Voter apathy hits close to home
Sadly it’s also official that most of those Americans will do nothing about that fact. With an all-time low approval rating of 9 percent, you would think voters would be turning out in droves to replace these “representatives,” who don’t seem to be representatives at all. But that’s not the case – and it’s not just a big-scale problem, but something that hits right here on a local, up-close level.
That was seen all too clearly in November, when only 1,157 voters participated in a $4.05 million school bond issue. Mustang School District covers about 73 square miles, with a population of 46,023 as of the 2010 Census. As of Monday, 26,438 people living in the district were registered to vote. Yet only 1,157 of those individuals – less than 4 percent – chose to take the time to vote on an issue that impacts not only students and their parents, but every homeowner living within those district boundaries.
It doesn’t matter whether you were for or against the November bond issue or what your political affiliation might be – there is a serious problem when so many of the people who could participate in the election process choose not to do so. Yet, social media and news sites are rife with people who are unhappy with the status quo of our country, who complain about city, state and federal government. Why are these people not speaking out in a way that could make a difference – at the ballot box?
I suppose it’s, at least in part, because sometimes it seems like a single vote won’t make a difference. In a system where the Electoral College determines so much of the outcome in a presidential election, it’s understandable that people might lose sight of the impact their individual vote could make. That doesn’t hold water closer to home, though.
In a 2012 El Reno City Council race, the victor won a seat by 19 votes. Mustang’s November bond issue lost by about 30 votes. Certainly, every single vote made a difference in those cases.
On Feb. 11, Mustang School District officials will try once again to pass a bond issue, this time for $7 million. More than 26,000 people will be eligible to vote in that election, but will they turn out? Will they have a say in the outcome of this issue or will they just take to Facebook, to Twitter, to online news sites, to express their opinions. And are those opinions valid if those individuals cannot – or chose not to – take the time and effort to cast a ballot?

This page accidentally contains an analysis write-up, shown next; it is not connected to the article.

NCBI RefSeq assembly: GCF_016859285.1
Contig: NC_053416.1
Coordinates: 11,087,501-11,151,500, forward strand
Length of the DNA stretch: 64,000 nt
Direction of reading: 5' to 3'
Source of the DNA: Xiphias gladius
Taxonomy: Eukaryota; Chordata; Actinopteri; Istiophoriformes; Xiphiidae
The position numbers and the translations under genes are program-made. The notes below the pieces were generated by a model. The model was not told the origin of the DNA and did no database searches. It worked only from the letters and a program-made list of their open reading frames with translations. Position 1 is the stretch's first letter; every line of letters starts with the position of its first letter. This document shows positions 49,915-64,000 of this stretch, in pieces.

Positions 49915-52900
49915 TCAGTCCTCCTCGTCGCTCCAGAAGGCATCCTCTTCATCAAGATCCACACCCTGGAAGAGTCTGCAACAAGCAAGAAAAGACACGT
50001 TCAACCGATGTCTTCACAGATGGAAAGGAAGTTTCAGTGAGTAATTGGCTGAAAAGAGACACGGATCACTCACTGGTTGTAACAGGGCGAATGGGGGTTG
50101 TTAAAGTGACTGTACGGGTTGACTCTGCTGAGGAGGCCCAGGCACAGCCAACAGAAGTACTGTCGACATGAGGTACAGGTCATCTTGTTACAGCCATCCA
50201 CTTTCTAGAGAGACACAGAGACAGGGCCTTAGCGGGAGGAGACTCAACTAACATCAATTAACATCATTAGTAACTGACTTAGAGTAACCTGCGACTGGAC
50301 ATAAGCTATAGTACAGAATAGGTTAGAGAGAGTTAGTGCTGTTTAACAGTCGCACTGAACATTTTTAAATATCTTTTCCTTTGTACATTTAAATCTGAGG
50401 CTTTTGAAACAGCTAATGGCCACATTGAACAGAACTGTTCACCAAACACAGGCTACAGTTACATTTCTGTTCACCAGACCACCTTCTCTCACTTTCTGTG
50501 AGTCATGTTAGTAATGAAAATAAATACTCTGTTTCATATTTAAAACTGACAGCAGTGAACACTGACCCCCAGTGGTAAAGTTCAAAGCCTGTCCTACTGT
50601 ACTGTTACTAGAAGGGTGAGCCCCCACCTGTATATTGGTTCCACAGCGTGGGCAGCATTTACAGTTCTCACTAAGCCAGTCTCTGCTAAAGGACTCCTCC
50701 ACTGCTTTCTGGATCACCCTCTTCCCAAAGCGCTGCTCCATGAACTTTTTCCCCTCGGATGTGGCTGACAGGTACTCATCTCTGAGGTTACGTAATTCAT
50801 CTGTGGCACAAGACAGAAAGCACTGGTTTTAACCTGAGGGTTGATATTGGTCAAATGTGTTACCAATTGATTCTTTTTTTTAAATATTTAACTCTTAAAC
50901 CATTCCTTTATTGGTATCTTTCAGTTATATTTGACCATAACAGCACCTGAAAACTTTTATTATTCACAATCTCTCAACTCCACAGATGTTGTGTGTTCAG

That same election will see three candidates vie for a seat on Mustang City Council. Will 180 voters – as happened in 2011 – determine who will represent the people from Ward VI? These elected officials determine everything from zoning and contracts to laws affecting everyone within Mustang city limits. They are individuals who not only represent Mustang’s 12 square miles but who also reflect on those of us who live in the surrounding areas. And yet only 180 people took the time out of their day to decide who would represent their interests.
This is astounding to me. People in the United States speak about freedom – the word is waved about as much as the flag is used to symbolize our country. We are blessed to live in a country where we are free to cast a vote, to make our own decisions about who should represent us and yet so few of us even bother. Why?
The other day I was in a local restaurant and listened to a group of middle-aged men talking about how apathetic their children are, how they can’t get them to care about what’s going on around them. Yet, it was clear only one of those men – who I recognized as business leaders in our community – had participated in the November bond election. If these individuals don’t take part, who will?
It’s time to make a New Year’s resolution, to stop standing on the sidelines moaning about problems and start being part of the solution. Voting is one of our most precious rights – come February, I hope more of us will go to the polls and celebrate the freedom we have to be a part of our community, who represents us and what happens in it.